This is a serialization of the new book written by Carl Flowers, owner of Silveus Plantation, the subject of "Groton's Anonymous Mistress." This 300-year-old house is accessed by Kemp Street near the boundary of Groton and Dunstable.

Part 34

By Carl Flowers

Immediately to the right of the fireplace is the Mistress's brick oven. To use the oven, a fire had to be built on its open hearth until the required temperature was reached. Experience made the determination of the correct temperature by sticking a hand or the entire arm into the oven. Between two and four hours were needed to get the brick suitably heated for baking.

The type of wood used to heat the oven played a role in the heating process. Once the fire was started and well on its way to burning, an iron plate was placed across the front of the oven to keep in the heat. Smoke from the burning wood flowed through a flue into the central chimney leading from the kitchen fireplace. When the desired heat was reached, the live coals were brought to the front of the oven by using a long handled hoe. The ashes were removed by a small shovel and placed in the ash chamber directly under the oven. After the ashes had cooled, they were saved for a multitude of uses. One of them was to make soap from the lye that was taken from the ashes.

With the ashes out of the way, food could be put into the oven for the heated brick to do their work. Of course, the iron door was again placed across the front of the oven.


If everything was properly done, the baking of assorted foods could go on for hours without reheating the oven. Food requiring the greatest amount of baking time was placed in the back of the oven. Food needing the least amount of baking was in the front of the oven. This day long activity was done about once a week.

When dinner was served, it was straight from the fireplace kettle and into a trencher placed in the middle of the table. The trencher was made from wood, about ten to twelve inches square and three or four inches deep, and looked like a shallow bowl. Everyone in the family ate from the trencher by scooping out their food with a knife blade or a spoon. This practice began to decline during the first quarter of the nineteenth century when everyone began having their own dinner plate.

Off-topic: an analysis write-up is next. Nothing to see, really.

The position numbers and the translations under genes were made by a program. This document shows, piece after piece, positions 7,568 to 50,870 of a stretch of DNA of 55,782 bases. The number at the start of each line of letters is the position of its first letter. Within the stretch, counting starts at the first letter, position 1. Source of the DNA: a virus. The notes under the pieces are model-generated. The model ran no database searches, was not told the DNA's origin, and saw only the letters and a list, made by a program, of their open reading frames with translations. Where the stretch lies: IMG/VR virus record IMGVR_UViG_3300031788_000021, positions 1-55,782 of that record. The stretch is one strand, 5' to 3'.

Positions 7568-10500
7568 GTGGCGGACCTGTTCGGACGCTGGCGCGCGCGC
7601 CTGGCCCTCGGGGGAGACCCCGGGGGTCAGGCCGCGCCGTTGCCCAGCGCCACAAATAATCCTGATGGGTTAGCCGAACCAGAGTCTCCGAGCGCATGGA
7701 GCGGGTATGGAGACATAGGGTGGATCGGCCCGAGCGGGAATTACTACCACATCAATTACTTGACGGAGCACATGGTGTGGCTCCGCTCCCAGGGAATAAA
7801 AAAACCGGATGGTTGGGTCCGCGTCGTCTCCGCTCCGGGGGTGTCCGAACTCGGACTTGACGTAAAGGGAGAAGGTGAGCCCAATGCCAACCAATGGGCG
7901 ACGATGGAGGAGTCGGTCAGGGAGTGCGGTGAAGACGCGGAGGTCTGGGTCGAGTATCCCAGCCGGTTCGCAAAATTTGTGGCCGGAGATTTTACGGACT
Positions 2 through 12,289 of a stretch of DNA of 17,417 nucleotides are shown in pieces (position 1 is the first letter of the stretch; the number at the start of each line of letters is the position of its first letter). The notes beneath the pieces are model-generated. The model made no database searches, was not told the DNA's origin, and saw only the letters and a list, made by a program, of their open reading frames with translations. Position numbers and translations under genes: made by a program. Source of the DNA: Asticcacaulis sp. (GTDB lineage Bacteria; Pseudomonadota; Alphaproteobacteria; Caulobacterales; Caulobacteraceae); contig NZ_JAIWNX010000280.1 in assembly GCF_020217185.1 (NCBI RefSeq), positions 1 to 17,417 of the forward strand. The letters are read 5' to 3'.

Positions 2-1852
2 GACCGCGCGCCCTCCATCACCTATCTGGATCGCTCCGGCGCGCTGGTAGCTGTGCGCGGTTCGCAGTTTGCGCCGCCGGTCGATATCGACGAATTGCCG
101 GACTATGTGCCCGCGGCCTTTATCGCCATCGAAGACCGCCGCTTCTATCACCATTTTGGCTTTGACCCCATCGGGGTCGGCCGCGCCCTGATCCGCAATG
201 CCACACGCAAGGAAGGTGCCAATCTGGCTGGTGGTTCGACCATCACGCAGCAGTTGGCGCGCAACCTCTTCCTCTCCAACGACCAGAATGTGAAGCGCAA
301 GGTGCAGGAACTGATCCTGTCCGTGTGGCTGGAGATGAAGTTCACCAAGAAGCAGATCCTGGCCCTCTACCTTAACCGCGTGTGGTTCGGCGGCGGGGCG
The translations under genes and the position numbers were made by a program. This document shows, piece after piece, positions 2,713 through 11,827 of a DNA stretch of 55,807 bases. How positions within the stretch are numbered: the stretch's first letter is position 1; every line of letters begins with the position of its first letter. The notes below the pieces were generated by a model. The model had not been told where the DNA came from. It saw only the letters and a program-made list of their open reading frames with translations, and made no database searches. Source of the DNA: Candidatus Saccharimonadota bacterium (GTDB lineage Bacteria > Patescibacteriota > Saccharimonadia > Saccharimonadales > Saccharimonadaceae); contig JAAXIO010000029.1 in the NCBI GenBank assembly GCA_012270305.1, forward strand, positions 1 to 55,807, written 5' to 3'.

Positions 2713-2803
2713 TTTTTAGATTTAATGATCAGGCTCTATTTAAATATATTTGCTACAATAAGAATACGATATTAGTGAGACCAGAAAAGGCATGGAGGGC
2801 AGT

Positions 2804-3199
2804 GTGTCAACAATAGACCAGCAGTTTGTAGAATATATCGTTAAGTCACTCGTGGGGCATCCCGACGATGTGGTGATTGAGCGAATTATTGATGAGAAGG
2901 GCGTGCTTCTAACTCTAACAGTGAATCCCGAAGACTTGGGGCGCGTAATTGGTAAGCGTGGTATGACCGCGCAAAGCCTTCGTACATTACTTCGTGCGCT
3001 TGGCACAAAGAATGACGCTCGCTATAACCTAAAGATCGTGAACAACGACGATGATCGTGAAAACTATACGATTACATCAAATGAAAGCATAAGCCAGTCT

Another interesting dinnertime feature of the late eighteenth and early nineteenth century is the fact that only the family's head of household sat in a chair at the head of the table; thus, the term chairman of the board. The rest of the family stood around the table or they sat on a bench. This practice also began its decline in the late eighteenth and early nineteenth century.

When the first cast iron stove came to the Mistress is unknown. A good guess is a few years after 1843 when the Fitzpatricks moved in. There's little doubt about a cast iron cookstove being in use prior to the current 1887 stove coming to the Mistress. Two stove plates were found in the cellar a bit bigger than the plates used on the 1887 stove suggest this to be true. It just doesn't seem likely the stove came with two extra plates a bit bigger than the six plates already on the stove. The bigger plates just wouldn't fit. Some stoves had anywhere from one to ten plates, ranging in size from two to twenty-two inches.

Whenever the first cast iron cooking stove came to the Mistress, life was meaningfully better. The amount of bending over was reduced, in addition to all the heavy lifting that had to be done. Hot water was a lot easier to keep and smaller pieces of wood could be used. With the 1887 stove, you wouldn't want to cut the wood any longer than thirteen or fourteen inches in length. Fear of hot ashes popping out onto the floor was no longer an issue. Use of a cast iron stove was a lot easier, cleaner and safer to operate.

Carl Flowers is the owner of Silveus Plantation, Groton's Anonymous Mistress.